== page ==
February 11, 2019 at 02:55 AM · I developed tinnitus last year while playing in a full-time orchestra. Developing tinnitus (sometimes a continuous high pitched hum, sometimes a dull sizzling, white noise sound,) was very upsetting. Luckily, by vigilantly wearing earplugs for every loud concert or even loud practicing for about a year since it began, my tinnitus has become a little less loud and now doesn’t make it hard to sleep at night as long as I sleep with my right ear, the ‘loud’ ear, away from the pillow when my tinnitus acts up. I alternate between using a heavy metal practice mute for repetitive, left hand type practice, since it messes with the feeling of my bow on the string a bit, and earplugs when I am in a loud practice room but want to work on bow arm stuff/tone or do a practice run through. I don’t typically wear earplugs in lessons or chamber concerts. (I do wear earplugs for orchestral performances, at least in my left ear, since I sit concertmaster and am pretty far from the loudest instruments, ie brass, woodwinds, percussion. For very loud rep, I wear earplugs in BOTH ears!!) I use Hearos X-treme, heavy duty foam earplugs. I find that they are soft and cushy and expand well in the ear, but don’t irritate my ear like some of the cheaper, stiffer foam ones. I tried custom fit ‘musician’ earplugs but found that they barely cut any of the volume and that my tinnitus just became worse after using them. I buy a 100 count box of the Hearos Xtreme on Amazon every five months or so : )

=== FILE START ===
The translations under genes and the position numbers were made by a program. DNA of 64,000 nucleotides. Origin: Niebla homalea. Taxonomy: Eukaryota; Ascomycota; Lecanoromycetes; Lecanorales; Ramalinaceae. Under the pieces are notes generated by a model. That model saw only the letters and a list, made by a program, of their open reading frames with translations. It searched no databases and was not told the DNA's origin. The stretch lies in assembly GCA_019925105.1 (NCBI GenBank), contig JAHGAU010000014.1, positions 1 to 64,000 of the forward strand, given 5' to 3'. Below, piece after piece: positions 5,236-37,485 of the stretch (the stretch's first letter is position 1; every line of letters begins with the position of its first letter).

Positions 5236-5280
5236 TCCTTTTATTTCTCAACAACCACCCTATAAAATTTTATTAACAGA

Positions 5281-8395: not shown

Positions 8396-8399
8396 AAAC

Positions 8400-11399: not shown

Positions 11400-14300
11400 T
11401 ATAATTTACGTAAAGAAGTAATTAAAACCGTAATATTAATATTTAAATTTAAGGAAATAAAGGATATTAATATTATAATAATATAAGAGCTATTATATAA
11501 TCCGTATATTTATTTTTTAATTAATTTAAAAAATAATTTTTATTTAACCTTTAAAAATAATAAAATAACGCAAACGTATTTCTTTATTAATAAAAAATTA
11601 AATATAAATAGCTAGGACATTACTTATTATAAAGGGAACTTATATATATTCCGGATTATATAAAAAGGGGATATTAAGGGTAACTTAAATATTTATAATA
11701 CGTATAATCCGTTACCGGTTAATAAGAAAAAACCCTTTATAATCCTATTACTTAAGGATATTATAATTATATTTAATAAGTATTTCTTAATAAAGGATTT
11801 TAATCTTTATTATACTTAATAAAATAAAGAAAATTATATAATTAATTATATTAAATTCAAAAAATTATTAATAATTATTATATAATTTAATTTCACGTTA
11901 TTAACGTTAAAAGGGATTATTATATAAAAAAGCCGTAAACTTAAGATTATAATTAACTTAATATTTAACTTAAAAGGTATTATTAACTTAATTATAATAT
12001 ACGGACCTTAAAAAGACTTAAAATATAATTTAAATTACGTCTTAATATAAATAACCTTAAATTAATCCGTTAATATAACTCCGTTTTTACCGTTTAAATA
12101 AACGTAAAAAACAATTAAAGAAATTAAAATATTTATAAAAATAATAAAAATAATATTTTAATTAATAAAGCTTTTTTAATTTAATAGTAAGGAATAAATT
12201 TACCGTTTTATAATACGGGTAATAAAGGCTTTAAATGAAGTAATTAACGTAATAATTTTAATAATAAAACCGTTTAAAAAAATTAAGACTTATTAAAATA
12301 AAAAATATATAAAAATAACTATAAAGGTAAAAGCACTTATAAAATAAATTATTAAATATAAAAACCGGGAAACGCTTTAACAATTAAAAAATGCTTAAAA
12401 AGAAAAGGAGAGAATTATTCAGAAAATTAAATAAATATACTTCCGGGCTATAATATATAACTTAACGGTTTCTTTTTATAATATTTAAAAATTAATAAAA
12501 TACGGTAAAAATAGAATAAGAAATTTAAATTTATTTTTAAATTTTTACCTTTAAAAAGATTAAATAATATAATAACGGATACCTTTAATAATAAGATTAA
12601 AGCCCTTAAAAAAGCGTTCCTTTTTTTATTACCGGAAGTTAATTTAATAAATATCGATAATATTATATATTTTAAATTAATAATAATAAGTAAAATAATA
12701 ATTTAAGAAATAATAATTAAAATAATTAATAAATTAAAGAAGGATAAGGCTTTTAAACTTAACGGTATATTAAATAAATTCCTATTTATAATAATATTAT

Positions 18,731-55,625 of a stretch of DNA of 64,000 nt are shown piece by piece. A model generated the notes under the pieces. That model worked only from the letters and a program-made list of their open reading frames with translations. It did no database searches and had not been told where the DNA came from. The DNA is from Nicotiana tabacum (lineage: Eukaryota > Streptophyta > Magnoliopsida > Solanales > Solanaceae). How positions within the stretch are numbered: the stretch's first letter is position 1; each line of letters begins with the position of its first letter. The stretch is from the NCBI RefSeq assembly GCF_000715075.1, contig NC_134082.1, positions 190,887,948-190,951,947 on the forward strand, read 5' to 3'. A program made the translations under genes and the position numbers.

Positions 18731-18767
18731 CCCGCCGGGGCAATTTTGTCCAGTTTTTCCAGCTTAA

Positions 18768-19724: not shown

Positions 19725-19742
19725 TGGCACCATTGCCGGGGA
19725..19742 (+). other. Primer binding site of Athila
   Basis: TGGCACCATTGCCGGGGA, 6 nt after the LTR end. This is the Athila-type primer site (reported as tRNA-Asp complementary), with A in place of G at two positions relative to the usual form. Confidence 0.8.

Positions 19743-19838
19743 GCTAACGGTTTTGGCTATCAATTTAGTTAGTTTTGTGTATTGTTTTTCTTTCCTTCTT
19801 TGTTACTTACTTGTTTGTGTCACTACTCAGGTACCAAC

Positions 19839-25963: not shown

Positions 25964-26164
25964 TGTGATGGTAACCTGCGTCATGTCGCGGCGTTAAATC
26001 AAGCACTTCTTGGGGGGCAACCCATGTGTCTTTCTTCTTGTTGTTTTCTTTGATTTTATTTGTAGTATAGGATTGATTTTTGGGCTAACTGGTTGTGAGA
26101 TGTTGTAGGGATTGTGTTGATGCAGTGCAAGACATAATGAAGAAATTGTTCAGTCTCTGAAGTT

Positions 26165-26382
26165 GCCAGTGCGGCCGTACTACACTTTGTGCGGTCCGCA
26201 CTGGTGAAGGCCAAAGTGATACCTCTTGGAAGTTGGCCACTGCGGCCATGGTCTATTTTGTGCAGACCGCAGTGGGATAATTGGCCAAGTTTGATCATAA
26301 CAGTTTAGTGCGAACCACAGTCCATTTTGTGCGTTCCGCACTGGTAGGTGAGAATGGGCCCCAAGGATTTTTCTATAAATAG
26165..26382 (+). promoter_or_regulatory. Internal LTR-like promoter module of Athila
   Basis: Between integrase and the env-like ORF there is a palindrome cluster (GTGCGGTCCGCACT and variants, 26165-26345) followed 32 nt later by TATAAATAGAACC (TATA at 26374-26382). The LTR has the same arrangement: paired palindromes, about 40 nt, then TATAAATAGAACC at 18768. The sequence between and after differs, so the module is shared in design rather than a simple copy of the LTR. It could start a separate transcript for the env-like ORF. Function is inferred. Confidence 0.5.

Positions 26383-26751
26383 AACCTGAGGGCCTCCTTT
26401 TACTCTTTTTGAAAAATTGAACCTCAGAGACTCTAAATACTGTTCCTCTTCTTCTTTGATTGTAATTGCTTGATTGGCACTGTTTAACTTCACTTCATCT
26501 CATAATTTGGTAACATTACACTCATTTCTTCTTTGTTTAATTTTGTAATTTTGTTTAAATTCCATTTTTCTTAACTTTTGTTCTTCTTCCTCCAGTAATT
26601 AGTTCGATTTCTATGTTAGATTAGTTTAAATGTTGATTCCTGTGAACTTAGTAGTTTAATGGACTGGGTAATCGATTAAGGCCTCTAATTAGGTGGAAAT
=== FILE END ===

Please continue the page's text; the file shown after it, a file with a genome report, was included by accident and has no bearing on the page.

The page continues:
February 11, 2019 at 02:59 AM · By the way, the Hearos Xtreme are 33 Db protection, I believe. Interestingly, I can actually hear myself BETTER in orchestra in loud passages when wearing earplugs in both ears, because I can really hear my own pitch through the vibration in my jaw. Strange but true!

February 11, 2019 at 05:51 AM · I should wear them during practice. I was used to with rock band, every time on rehearsal and concert, noises are mad today. Many clubs are driving volume to extremes. Our band asks many times for less volume, but it is a bad trend.

I don't like it even because it dulls your ear. It saturates hearing by volume and your sensitivity is gone. I was unable to recognise 5 cents and after 20 minutes even 30 cents in high volume. And this is what I hate. It is stupid.

I should wear them regularly during my practice. I have Vater earplugs (it is drummer's company but these are for musicians, not just drummers).

February 11, 2019 at 02:21 PM · I sometimes wear one in my left ear while practicing. But I ran out because I gave some to my friends in band who were sitting in front of the brass section...

February 15, 2019 at 06:17 PM · I use ear plugs for my right ear, as it’s a sensitive ear, and I sit just in front of the oboes and piccolos....

February 16, 2019 at 02:45 AM · I have a problem with intonation. I can not hear it while I am playing but when I listen to playback I am acutely aware of any problems with intonation. Any suggetions?